At the risk of starting an all-out comment war about the terrors of third-party music player apps, it must be said: Most third-party music players for the iPhone are not up to par. Close the app, the music stops. Load your entire library, face endless glitches and crashes.
But a new music player app released last week shows some serious potential for a great iPod alternative, maybe even an iPod replacement. With options for skins, editable playlists, and social sharing integration, Amp Music Player is definitely luring me away from my frenemy that is my iPod.
Check out the full review after the jump
The Amp Music Player app allows you to load your entire music library from your iPod to the app, then create an editable queue or playlists that are saved even after you close the app. When playing music within the app, your playlists will also continue to play after you’ve closed the app, creating one of the closest experiences to the iPod yet.
Upon first opening, the app will automatically begin to load your music library as you go through a quick tutorial of how to use all of the features. Amp integrates the same swiping feature used with the iPod to switch from one feature to another, which is demonstrated in the tutorial (though the app is frankly so simple that the tutorial probably isn’t completely necessary).
To create a queue or a new playlist, access the Library feature by swiping through the menu bar at the top, which will display your iPod’s library—including your playlists, artists, albums, and even podcasts and audiobooks. You can select specific songs, whole albums, or all of the music from an artist to add to your Amp playlist, or even open an existing playlist from your iPod and edit and arrange it into a new playlist within Amp. These playlists can be easily edited with controls much like those on any native iPhone app.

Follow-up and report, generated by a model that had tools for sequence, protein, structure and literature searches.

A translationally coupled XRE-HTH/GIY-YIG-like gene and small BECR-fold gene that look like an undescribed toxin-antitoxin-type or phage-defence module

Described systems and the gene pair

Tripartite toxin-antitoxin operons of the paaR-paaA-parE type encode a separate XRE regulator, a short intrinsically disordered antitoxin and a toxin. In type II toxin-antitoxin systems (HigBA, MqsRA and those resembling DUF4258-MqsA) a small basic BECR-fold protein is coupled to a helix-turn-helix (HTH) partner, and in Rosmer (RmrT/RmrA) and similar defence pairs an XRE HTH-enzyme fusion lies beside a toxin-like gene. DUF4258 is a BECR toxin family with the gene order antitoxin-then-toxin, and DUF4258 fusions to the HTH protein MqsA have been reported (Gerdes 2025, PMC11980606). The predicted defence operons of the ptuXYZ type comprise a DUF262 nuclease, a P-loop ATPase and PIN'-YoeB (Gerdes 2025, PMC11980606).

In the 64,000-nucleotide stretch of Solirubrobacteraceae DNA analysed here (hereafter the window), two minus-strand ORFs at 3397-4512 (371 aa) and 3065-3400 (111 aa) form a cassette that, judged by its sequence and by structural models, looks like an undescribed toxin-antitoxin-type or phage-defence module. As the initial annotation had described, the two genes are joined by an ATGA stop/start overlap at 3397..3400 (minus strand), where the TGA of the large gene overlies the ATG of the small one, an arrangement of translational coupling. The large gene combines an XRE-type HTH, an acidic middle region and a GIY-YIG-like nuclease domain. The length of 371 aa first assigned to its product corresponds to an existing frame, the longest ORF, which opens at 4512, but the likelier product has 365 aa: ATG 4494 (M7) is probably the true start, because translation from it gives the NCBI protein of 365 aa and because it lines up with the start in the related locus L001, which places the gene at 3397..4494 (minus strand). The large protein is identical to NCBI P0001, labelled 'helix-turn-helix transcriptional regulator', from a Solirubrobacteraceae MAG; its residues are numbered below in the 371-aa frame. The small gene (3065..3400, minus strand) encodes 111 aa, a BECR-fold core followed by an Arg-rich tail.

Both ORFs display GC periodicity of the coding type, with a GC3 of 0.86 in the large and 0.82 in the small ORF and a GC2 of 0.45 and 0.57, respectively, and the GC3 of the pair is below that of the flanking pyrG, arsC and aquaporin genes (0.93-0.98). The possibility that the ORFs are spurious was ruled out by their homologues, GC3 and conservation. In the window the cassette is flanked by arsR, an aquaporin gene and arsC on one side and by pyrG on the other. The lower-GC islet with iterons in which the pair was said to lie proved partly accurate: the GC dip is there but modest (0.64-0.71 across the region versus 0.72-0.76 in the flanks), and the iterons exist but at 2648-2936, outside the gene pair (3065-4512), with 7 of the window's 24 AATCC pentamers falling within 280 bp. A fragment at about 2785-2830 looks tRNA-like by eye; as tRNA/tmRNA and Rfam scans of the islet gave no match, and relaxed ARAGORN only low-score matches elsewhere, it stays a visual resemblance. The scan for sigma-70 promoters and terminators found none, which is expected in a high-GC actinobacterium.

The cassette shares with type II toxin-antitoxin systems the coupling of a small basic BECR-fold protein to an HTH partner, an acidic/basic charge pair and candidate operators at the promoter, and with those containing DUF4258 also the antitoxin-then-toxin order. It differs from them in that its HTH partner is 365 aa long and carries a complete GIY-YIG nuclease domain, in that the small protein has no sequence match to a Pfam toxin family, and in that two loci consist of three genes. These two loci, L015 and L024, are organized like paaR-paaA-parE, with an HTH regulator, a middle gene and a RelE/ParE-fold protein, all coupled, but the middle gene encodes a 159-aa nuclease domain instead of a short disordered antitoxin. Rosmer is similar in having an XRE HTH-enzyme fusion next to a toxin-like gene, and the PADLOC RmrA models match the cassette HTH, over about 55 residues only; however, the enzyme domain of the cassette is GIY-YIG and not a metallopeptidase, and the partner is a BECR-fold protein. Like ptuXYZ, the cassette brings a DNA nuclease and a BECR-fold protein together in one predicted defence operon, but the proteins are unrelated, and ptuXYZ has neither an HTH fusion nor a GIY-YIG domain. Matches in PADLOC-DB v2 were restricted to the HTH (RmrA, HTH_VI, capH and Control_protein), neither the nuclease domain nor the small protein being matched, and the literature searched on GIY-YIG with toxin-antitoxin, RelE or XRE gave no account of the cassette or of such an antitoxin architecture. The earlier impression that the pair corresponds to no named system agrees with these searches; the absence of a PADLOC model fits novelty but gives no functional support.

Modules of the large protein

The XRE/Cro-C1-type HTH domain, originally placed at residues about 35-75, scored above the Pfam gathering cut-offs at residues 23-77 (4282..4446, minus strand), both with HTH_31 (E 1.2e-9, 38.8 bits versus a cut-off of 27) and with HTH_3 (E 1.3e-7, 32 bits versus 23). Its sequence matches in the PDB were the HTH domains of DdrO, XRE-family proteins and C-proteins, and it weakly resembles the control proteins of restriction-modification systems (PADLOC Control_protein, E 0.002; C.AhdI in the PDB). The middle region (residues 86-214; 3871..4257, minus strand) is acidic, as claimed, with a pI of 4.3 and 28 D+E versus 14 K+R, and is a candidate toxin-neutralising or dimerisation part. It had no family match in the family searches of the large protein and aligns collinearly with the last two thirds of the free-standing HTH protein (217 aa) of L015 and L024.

Once you’ve created a playlist and have started listening, the features really kick into overdrive. Under the Playing feature (accessed from the top menu bar), you can view information about the current song and artist playing. Watch YouTube videos of the song playing, check out the Wikipedia page for the current artist, or get details on where they’re playing their next concert. Twitter and Facebook sharing options are also included here, where you can seamlessly connect your accounts to the app and update (either manually or automatically) your statuses with what song you’re currently playing. Admittedly, it would be better if there was a way to include a link to the song in your status, but it currently just shows the name of the artist and the song with a music note.
Though you can see where the artist you’re listening to will be playing live next, the Concerts feature goes a bit more in depth by scanning your library to give you a list of which artists are playing near you soon. The feature is powered by BandsInTown and does a great job of quickly organizing a calendar-like list of shows you shouldn’t miss, complete with maps of the venue, show info, more social sharing options, and a link to buy tickets directly. You can also use the Amp Oracle tool to offer up suggestions of other artists playing in your area who might be interested in. I hate to be picky here, but this could be an incredible feature instead of just a great one if the picks were a bit more widespread instead of specifically mainstream artists—after all, isn’t the point to introduce you to more artists of your liking whom you may not have been aware of?
Amp also lets you customize the design of the app with the choice of four skins, which I hope will be expanded on in the coming months. There’s major opportunity here to get artists involved with helping fans create their own custom skins to enjoy their music on, and the ones that are available now frankly don’t cut it.
As for the overall user experience of the app and the player: Loading time, for both the uploading of your library (which you only do upon first opening the app) and when you switch between features is incredibly speedy and glitch-free, even while you have the music player open and streaming a playlist.
Recap & Conclusion
Amp Music Player
Our Grade: A
If you’re looking for a simple, yet more impressive version of the iPod on your iPhone in the form of an app that actually works a good percentage of the time, Amp Music Player is it. Though there’s definitely room for expansion on certain features, the overall user experience and interface are fun, easy to use, and practically flawless. In a nutshell: This is what the iPod should be.